Always in the Andes there is the presence of the Apus, the mountain gods, and the lovely, hanging clouds with which the Apus are said to converse. The spiritual traditions there, which appear to co-exist comfortably with Catholicism, convey the sense that the whole natural world is sacred and worthy of our highest respect. One can only ponder with admiration the achievements of the Incas in creating an abundant society in which all were taken care of and the land itself was made into a work of art by ubiquitous terraces that not only enabled highly successful mountain agriculture but that also enhanced the beauty of the world by weaving not only with the wool of lamas and alpacas but with the soil itself. 

 Thew Temple of Viracocha

Thew Temple of Viracocha

What have I returned with from these High Andes? Perhaps a psyche purified and uplifted by the mountains and lakes, a mind expanded by knowledge of these Andean cultures and their wisdom, and a renewed reverence and respect for the living spirituality of the indigenous Andean peoples that has endured through centuries of oppression and marginalization and is experiencing today a resurgence that can only be embraced with joy. At a time when we desperately need a living ecological ethic to heal from the ravages of materialism and consumerism, the Andean cosmo-vision or spiritual worldview offers us a beautiful and inspiring example of how to live in harmony with and respect for the great universe that surrounds us. As the world looks for inspiration and a practical demonstration of the ability to live in harmony with Mother Earth, or PachaMama, it is time to look toward South America, to both its ancient Pre-Columbian and its contemporary indigenous cultures, as models of spiritual and ecological wisdom from which we, in our industrialized and existentially empty society, can learn deep lessons of which we are in vital need.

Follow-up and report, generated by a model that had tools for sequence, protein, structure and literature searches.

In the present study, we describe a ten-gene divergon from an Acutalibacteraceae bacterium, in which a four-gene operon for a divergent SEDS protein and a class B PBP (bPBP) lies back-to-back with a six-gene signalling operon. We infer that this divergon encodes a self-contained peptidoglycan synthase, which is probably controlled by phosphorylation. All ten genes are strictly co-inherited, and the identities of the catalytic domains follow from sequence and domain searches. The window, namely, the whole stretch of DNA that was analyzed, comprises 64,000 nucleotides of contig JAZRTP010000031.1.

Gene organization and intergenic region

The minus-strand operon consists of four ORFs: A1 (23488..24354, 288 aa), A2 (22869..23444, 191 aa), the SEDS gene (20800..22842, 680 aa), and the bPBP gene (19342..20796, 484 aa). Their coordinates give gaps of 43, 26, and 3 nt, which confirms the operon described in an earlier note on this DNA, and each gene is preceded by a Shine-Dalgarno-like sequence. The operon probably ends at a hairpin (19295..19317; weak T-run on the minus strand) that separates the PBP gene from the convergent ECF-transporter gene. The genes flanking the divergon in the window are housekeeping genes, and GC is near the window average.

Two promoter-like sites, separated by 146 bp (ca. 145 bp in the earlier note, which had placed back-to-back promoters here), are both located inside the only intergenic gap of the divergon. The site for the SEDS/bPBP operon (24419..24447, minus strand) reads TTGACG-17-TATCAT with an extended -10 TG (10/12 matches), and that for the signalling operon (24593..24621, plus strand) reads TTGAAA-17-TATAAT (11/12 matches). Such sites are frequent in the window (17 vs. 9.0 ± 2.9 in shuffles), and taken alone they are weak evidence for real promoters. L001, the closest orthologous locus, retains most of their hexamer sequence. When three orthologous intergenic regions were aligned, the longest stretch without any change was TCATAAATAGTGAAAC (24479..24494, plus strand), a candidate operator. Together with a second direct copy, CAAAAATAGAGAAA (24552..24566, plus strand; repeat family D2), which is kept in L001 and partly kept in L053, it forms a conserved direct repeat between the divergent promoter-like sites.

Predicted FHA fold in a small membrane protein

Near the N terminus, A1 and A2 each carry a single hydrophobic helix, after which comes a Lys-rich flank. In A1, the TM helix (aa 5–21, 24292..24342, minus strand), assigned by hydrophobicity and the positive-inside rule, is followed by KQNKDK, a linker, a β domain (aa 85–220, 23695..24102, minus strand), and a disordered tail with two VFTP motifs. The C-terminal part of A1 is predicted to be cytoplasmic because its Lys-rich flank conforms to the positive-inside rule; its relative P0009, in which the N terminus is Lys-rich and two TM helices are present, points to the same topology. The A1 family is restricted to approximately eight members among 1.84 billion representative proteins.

An Esoteric Quest for the Lost World of the Incas (Part Two)

August/September 2018

This week is the second installment on the Esoteric Quest just completed a month ago in the High Andes of Peru and Bolivia. Our experience in South America was the continuation of a conference series begun in 1995 on the Western Esoteric Traditions, now including those of the Western Hemisphere.